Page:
Immediate Postpartum IUD Insertion Increases Expulsion!
Expulsion of intrauterine devices was significantly more likely when the devices were inserted within the first 3 days after delivery compared with later insertions, based on data from more than 300,000 women. Intrauterine devices are effective contraception, and current guidelines support immediate postpartum IUD insertion as a safe, effective, and convenient option, Mary Anne Armstrong, MA, of Kaiser Permanente Northern California, Oakland, and colleagues wrote. Although IUD expulsion rates are low overall, data from previous studies suggest that timing of insertion may affect expulsion rates, and that breastfeeding may play a role.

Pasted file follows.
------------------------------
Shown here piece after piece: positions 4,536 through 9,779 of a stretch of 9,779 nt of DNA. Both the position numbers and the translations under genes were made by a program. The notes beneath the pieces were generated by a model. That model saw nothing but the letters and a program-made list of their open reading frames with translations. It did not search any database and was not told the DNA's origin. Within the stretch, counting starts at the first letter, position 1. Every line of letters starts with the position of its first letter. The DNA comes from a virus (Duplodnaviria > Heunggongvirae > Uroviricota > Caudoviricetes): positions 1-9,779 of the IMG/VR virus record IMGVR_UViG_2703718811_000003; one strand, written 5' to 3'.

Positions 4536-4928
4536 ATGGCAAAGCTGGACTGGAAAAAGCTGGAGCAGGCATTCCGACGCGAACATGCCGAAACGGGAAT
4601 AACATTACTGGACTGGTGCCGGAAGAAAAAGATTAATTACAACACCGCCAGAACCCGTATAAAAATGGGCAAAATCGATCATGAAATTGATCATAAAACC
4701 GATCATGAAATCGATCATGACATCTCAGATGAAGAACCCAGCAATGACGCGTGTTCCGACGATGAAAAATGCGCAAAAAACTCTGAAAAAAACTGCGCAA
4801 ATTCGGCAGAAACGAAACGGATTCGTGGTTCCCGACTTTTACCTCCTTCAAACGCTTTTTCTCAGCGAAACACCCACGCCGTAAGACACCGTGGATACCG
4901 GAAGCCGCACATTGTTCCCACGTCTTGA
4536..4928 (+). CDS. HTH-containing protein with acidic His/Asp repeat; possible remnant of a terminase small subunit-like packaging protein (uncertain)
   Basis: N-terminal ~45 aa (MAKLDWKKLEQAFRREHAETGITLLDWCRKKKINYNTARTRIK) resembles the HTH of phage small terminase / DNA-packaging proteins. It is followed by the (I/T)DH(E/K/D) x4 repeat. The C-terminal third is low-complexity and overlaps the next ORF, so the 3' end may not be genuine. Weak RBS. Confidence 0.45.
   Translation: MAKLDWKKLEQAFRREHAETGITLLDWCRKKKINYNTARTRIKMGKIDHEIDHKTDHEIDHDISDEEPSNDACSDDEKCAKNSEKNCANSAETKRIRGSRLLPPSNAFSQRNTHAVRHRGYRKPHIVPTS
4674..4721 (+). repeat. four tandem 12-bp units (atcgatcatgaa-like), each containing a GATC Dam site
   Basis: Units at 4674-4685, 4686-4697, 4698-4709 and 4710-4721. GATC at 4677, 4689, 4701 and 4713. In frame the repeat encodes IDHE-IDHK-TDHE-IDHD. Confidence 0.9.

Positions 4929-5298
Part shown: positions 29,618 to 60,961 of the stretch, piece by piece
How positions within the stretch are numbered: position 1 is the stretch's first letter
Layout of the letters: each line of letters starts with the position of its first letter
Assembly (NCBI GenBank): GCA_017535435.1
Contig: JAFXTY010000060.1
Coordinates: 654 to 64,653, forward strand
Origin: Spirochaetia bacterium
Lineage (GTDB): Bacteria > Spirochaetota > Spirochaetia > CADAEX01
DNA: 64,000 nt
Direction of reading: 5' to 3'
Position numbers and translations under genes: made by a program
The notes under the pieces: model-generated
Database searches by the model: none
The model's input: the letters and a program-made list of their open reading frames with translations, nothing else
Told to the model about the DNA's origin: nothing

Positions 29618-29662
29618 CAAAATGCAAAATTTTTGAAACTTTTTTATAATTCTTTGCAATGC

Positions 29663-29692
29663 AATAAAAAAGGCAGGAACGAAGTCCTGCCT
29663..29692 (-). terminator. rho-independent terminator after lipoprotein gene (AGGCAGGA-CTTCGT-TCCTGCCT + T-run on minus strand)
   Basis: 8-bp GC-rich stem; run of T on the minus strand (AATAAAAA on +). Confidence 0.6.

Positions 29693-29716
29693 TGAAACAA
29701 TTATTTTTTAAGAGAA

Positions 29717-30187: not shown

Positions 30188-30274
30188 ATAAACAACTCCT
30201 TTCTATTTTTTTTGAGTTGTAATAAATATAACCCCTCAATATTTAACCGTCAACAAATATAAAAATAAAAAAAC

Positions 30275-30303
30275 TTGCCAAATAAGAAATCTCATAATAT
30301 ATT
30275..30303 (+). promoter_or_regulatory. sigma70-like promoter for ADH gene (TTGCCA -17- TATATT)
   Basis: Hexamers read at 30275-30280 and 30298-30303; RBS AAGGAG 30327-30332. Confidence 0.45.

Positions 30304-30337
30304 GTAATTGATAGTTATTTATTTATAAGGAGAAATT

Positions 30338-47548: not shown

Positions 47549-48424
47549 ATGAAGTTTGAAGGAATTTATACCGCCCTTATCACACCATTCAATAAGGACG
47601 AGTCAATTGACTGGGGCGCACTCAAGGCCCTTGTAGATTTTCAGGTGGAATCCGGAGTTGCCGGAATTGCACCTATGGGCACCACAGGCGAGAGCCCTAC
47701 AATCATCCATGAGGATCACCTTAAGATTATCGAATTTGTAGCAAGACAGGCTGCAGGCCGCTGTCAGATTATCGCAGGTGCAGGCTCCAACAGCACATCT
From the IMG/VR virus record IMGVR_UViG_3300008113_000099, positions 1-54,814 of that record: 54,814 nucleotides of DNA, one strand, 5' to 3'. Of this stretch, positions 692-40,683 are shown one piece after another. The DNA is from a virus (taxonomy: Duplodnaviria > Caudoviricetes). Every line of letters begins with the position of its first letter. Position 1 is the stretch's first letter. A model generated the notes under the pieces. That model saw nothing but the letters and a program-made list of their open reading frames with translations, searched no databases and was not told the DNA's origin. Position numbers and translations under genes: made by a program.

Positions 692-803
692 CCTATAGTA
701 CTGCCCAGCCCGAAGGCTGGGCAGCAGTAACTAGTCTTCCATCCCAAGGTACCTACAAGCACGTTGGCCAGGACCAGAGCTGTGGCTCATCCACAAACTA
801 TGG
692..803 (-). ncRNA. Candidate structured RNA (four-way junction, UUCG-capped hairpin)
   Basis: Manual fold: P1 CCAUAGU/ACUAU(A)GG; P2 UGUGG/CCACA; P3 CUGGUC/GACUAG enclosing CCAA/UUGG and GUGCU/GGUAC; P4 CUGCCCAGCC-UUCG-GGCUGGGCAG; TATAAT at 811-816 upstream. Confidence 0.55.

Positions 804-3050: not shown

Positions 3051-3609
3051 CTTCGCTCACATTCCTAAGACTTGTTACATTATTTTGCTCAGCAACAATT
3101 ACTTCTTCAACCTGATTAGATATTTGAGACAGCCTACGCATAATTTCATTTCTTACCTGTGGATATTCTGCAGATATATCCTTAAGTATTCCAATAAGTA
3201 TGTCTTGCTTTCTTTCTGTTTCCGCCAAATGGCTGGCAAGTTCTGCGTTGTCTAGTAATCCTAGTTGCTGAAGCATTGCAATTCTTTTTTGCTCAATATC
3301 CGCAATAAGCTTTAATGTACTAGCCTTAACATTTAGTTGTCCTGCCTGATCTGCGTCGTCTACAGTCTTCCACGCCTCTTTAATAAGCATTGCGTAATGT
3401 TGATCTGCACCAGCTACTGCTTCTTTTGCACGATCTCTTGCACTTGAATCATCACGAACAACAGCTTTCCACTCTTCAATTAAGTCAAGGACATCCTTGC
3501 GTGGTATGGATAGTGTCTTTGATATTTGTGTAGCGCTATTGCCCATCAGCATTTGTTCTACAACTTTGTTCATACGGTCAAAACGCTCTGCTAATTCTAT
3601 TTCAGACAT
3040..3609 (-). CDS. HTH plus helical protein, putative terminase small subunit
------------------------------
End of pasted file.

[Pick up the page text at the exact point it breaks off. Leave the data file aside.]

@panama In the Association of Perforation and Expulsion of Intrauterine Devices (APEX-IUD) cohort study published in JAMA Network Open, the researchers reviewed data from the electronic health records at four sites; the study population included women aged 50 years and younger who underwent IUD insertion between 2001 and 2018. The women were grouped by postpartum status and timing of IUD placement: 0-3 days, 4 days to 6 weeks, 6-14 weeks, 14-52 weeks, and nonpostpartum (defined as more than 52 weeks or no evidence of delivery). The researchers also compared expulsion rates in postpartum women who were and were not breastfeeding at the time of IUD insertion based on clinical records, diagnostic codes, or questionnaires at well-baby visits. The total study population included 326,658 women with a mean age of 32.0 years; 42% were non-Hispanic White, 17.2% were Hispanic other, 13.0% were Hispanic White, 11.9% were Asian or Pacific Islander, 8.7% were non-Hispanic Black, and 0.2% were Hispanic Black. Approximately 80% of the IUDs were levonorgestrel releasing.